The Fellowship of Life
Warning to the human locust
Presidential Address given by Michael Fryer at the Annual General Meeting of the Crusade Against All Cruelty to Animals on 28th October, 1978:
Today I want to develop further the theme of my editorial in the last number of our journal in which I called for more emphasis on man's responsibilities towards the environment and the animal kingdom instead of what appears to be a constant preoccupation with the rights of this, that or the other human group. It is time - in fact, long past time - that we concentrated much more thought, time and energy on protecting and conserving the environment and its living creatures instead of how we can exploit it ever more drastically. I would like to commend you of the words of journalist Christopher Booker with which I concluded.
What is the explanation, he asks, for the extraordinary sense of diminution, of triviality, which so many people feel about life today - a sense that the whole world has in some mysterious way been reduced to the same state of blind homogenised insignificance? His diagnosis hits the nail on the head in my view. In our constant striving after material well-being and technological progress we have lost sight of how we human beings work.
"We have lost touch with that knowledge", he says, "still there in the deeper levels of our psyche, that we are all in fact part of one great organism, part of each other, part of nature, and that any attempt by a part to live in defiance of the rest can lead only to a growing sense of meaninglessness and ultimately to death. The only way we can find the real meaning we crave is by finding that which truly unites us with the whole. It is the only real challenge left - and the answer does not lie in things or the opinion of others."
I make no apology for repeating these words because they embody so eloquently the Crusade's view of man's true role in nature and his relations with the animal kingdom. I have been glad to hear from many of you how much you agree with the views expressed in my article.
The sinking ark
Since it was published, I have received from Washington, D.C., a deeply disturbing report published by the Worldwatch Institute which seeks to anticipate global problems and social trends and to focus attention on them. It is the Institute's view that solutions to many of tomorrows problems are not likely to be found within the confines of national frontiers and narrow academic perspectives. This report, entitled Disappearing Species: The Social Challenge, forecasts that the next few decades will see an immense increase in the number of extinctions of all forms of wildlife - not just animals and birds but also of plants, insects and molluscs, the loss of which may well have far-reaching effect on the future well-being of man as well as that of the animal kingdom. The report quotes the conclusion of The Sinking Ark, a book by wildlife expert Dr. Norman Myers, due to be published in 1979, that one million species may be destroyed before the end of the century. According to Dr. Myers, probably at least one species of wildlife is disappearing every day in tropical forests alone, and in a few more years there may be a species lost every hour. The author of the Worldwatch report, Erik Eckholm, comments:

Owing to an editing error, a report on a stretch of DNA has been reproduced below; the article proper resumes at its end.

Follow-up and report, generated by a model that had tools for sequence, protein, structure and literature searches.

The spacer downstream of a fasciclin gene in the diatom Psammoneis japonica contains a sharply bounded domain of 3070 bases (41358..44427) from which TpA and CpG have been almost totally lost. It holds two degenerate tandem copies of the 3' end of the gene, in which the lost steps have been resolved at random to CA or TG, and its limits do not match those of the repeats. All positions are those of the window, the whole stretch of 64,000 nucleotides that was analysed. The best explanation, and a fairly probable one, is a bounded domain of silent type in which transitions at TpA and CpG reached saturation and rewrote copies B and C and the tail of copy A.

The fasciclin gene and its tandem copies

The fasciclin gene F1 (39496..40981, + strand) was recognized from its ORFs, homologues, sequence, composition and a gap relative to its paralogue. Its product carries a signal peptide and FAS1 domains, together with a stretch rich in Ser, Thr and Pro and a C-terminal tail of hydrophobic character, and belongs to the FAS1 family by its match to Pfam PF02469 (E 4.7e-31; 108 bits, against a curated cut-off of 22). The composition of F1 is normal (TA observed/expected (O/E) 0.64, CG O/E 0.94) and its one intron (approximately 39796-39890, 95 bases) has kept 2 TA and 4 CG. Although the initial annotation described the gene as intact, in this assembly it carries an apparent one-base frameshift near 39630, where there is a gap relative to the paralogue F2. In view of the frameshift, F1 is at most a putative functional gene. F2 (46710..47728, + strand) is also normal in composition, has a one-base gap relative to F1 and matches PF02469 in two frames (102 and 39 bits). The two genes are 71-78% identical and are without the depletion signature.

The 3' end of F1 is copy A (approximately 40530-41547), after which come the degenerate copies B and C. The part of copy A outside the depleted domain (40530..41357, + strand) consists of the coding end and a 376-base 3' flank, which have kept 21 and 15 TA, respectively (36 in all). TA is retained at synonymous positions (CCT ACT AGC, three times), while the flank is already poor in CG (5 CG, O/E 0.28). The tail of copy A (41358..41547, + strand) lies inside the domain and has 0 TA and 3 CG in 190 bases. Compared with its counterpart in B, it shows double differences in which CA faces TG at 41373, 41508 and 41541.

"Such a multitude of species losses would constitute a basic and irreversible alteration in the nature of the biosphere even before we understand its workings - an evolutionary Rubicon whose crossing Homo Sapiens would do well to avoid".
As one might expect, by far the biggest single cause of extinctions will be the destruction of habitats due to the continuing growth of the human population with its settlements, industries, agriculture, transport systems etc. encroaching remorselessly over previously undisturbed natural areas.
"Essential wildlife breeding zones, migration routes, and browsing and hunting grounds are paved, inundated with water, grazed, or ploughed. Forest lands are denuded by farmers, timber companies, and firewood gatherers and then are given over to cattle, crops, or non-native tree species. Plant species unique to a small locality can be erased from the earth by a single bulldozer, as can the animals that feed on them; predators dependent on a lengthy food chain may disappear once the wild area around them is compressed below a crucial minimum"
In addition to loss of wildlife habitat, the contamination of water and air by toxic chemicals is a genuine threat to nature. The activities of hunters, collectors and commercial interests continue to endanger the future of many species despite international efforts at control.
Lack of leadership
Such massacre of species of all kinds could lead to the disruption of the ecosystems on which human beings depend. These are so complex they defy human understanding, and thus we cannot predict what level of destruction could lead to the serious disruption of the web of life. The report calls for a greatly expanded international system of wildlife reserves, particularly for tropical ecosystems.
Remember the words of Christopher Booker? "We have lost touch", he says, "with the knowledge that we are all part of one great organism, part of each other, part of nature and that any attempt by a part to live in defiance of the rest can lead only to a growing sense of meaninglessness and ultimately, to death."
This profound truth has been evident for all to see for many years now and in the last twenty years or so has been highlighted in countless books, radio and TV programmes. There is excuse for inaction by those in the Third World who suffer daily the miseries of low living standards and in many instances the horrors of slow starvation. There is no excuse for those of us in the developed world with our affluent standard of living. I say affluent because it is indeed so by comparison with that of the vast majority of the world's peoples.